Monthly Archives: March 2004

Not One Contradiction

Ashley said: “Adam, I know that you think that christianity just started by some people preaching the gospel message but you are way off the mark. The bible is God’s Holy Word, made up of lots of authors that span hundreds of years and yet there is not one contradiction found in the whole thing! This fact is proved by hundreds of books authored by many people who started out believing exactly like you did. I do agree w/ you on the brain issue. Without that, thought would be impossible. But where did that come from? If you believe that it is all just a mere accident then you have more faith than me. I believe that the Lord God created us and put his breath of life into everything in this beautiful world. Just think about this Adam: if you do believe that there is a God and follow the steps needed to be saved what is it hurting? If I am wrong then in the end it won’t matter, correct? but Adam if you are wrong, which you are, when Jesus Christ comes back you will be judged and sent to hell for eternity. I wouldn’t take my chances Adam. It seems to me that you are just a lonely person who has given up on the world, but give God another chance for he has not and never will give up on you.”

Let me make this clear. I am not Adam. She was referring to someone who left a comment in my original Pledge entry.

I’m posting this because I couldn’t stop laughing at the line: “The bible is God’s Holy Word, made up of lots of authors that span hundreds of years and yet there is not one contradiction found in the whole thing!”


There are lots of contradictions. Poor dear.

Updating Irony

Not too long ago, I said I didn’t want to miss a day of updating. Lately, I’ve not felt like updating at all. Ironic.

You know what else is ironic? The Disney movie Hercules. He’s a classical Greek hero, but the music is modern and African in its roots. Now that, that is irony.

A Couple

Something to file in my “Things I Don’t Understand” box: Why do people use the expression “a couple”? It has 3 syllables. Two only has 1 syllable. [to be elaborated upon at a later date.]

A Song About a Chair

Why does practically every pop song (from any era) have to sing about love? Not that I have anything against love, it’s just that, for once, I’d like to see an original song — not some generic love ballad. For once, I’d like to hear a song about something ordinary; I’d like to hear a song about a chair. Often, you’ll hear of love being taken for granted, but what about chairs? How often do you think about the chairs you sit upon every day? There is a home sweet home, but no chair sweet chair.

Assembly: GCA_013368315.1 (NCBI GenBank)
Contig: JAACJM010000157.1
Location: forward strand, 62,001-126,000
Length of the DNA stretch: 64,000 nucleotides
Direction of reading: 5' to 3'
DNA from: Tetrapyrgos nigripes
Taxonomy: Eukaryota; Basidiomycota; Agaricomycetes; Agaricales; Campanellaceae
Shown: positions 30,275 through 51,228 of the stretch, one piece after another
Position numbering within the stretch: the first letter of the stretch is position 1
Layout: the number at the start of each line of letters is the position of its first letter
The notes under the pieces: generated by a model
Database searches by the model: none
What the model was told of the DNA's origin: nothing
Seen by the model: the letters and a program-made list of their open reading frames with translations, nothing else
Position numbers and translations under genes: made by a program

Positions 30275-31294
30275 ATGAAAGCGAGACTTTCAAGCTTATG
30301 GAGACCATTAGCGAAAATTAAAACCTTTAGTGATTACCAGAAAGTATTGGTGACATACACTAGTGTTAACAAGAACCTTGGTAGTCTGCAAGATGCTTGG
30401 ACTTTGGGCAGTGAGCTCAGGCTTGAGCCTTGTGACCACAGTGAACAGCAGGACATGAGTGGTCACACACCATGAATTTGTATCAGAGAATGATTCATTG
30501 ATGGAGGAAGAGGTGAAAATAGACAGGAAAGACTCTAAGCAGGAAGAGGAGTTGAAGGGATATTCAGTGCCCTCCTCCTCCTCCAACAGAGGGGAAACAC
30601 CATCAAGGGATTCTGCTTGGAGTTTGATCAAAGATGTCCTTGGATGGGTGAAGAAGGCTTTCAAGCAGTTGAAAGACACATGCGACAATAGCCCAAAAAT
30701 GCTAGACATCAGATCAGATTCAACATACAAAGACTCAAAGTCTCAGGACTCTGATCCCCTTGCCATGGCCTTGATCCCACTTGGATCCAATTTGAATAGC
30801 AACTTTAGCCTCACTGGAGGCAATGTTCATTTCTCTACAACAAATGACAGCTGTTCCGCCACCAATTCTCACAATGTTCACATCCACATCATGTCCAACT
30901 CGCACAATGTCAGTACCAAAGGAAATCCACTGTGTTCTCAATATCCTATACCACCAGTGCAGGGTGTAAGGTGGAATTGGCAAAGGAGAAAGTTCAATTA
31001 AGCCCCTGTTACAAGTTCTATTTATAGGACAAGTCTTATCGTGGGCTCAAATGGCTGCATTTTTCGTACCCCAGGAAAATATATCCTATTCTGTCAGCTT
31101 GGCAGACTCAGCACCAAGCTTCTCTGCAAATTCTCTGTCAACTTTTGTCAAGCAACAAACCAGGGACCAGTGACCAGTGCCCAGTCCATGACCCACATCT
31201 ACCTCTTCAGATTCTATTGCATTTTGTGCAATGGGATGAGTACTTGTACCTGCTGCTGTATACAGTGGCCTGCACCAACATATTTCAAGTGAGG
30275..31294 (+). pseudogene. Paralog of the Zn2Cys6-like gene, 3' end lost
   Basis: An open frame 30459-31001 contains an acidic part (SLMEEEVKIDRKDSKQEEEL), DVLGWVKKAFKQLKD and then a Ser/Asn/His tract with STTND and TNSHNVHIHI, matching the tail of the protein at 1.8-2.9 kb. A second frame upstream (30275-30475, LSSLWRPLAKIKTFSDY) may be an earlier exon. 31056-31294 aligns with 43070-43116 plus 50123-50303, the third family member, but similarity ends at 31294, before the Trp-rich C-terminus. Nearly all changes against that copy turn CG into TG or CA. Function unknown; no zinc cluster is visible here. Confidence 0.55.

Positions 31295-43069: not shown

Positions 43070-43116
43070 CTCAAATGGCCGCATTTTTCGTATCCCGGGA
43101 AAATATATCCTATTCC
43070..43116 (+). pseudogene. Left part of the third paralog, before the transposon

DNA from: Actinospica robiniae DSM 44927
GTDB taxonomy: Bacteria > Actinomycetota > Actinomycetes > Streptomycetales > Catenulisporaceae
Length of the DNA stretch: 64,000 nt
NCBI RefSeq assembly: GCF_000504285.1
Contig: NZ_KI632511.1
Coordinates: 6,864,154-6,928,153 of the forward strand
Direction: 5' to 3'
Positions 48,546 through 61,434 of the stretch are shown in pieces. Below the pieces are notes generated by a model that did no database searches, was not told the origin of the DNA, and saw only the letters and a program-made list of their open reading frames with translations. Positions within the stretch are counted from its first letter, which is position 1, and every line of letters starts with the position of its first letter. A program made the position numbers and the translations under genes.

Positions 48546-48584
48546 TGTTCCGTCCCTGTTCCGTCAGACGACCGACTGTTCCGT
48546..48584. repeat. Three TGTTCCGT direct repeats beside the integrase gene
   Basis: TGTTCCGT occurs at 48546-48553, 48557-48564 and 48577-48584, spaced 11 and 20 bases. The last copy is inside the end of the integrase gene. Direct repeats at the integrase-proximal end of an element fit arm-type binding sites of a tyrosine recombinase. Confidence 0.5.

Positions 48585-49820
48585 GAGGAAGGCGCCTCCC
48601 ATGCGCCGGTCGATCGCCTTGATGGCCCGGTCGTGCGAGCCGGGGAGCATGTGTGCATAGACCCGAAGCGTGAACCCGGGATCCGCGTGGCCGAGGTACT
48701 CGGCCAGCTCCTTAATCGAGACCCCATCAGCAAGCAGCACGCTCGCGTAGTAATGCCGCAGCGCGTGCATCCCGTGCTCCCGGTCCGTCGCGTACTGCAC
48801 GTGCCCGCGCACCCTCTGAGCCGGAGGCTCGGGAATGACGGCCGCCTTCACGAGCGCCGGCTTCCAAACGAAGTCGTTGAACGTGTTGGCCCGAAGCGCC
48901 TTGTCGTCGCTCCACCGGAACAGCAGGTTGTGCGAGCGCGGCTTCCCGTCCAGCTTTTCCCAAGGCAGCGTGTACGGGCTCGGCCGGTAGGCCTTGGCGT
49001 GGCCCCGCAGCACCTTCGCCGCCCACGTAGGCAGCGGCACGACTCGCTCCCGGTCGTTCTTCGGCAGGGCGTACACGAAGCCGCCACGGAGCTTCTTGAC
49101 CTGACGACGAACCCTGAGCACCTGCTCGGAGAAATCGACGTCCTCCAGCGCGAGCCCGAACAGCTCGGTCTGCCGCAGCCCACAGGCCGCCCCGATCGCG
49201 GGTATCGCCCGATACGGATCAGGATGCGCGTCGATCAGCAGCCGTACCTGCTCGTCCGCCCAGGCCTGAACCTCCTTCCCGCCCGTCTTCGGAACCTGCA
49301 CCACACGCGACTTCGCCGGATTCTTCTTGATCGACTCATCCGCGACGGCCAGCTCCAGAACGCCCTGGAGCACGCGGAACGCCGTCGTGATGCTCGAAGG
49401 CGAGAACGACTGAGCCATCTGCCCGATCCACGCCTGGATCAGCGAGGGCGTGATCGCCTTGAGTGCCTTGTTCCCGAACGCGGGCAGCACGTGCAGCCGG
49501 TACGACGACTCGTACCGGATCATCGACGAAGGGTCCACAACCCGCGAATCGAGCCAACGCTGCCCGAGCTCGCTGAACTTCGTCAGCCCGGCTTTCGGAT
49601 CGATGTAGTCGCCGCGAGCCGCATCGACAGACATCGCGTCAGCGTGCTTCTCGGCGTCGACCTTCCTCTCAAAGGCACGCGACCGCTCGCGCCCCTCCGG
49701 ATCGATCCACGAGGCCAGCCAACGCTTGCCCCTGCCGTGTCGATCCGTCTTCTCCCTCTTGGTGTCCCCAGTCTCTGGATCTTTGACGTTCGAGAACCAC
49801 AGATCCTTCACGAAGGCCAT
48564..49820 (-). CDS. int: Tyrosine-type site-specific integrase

And for those who think you can’t get enough emotion from a song about chair: Haven’t you ever had a time when you really needed to sit down? How great did it feel when you actually found a seat?

It’s not as easy to write a song about a chair, but that’s the point. I want to hear a song that took effort to write, lyrics and all. Something non-generic. And the easiest way to remove the writers from the generic is to write on an entirely different subject.

When I’m dead, I’ll miss

“When I’m dead, I’ll miss

Flowers which give me allergies and make it impossible to breath from both nostrils at once. I’ll miss

Sunlight reflecting off cars to blind me while I drive. I’ll miss

Broccoli, which tastes so disgusting on my tongue. I’ll miss

Smoke drifting off a cigarette and molesting my nostrils, making me cough. I’ll miss

Summers too hot to think. I’ll miss

Winter, when everyone is sniffling and, instead of staying home, passing on their cold or flu. I’ll miss

E-mails that are just spam, flooding my inbox, taking forever to sort out and delete. I’ll miss

Movies so bad that they’re a waste of my money. I’ll miss

Ants invading my new food, and the reek of the ant repellant. I’ll miss

Food poisoning from the occasional bad restaurant with mediocre service, and how I stupidly still left a tip. I’ll miss

Waiting in line forever at places like the DMV. I’ll miss

Vacuuming, dusting, washing the dishes, and all the other boring chores. I’ll miss

Feet in pain from stepping on sharp object or from falling asleep. I’ll miss

People too inconsiderate to avoid walking into you or to turn down their obnoxious radios. I’ll miss

, yes sir, I’ll even miss


And then he shot him. And he missed

Gay Marriages Good for the Economy?

How much money do people typically spend on marriages? A lot, yes. Especially if you include everything immediately before and after the marriage. So, would the legalization of gay marriages induce a temporary spending spree? And if so, how much of an impact would it have, if at all?

However, would that mean companies would have to spend more money on health coverage, etcetera? Or, does it mean less work and paperwork since there’s less status types to remember?

Or, maybe all of this is a non-issue. I was just trying to think pragmatically.

[damn, missed the update… and I was doing so well, too]

Missing Weblogging

Lloyd’s prompt: “How long can you go without having to post on your weblog? Days? Weeks? Months? Do you miss it somehow? Or not?”

Somehow, I managed to get into this current groove of flipping everyday. And I have to say, I like it. So, now, I don’t want to miss one day.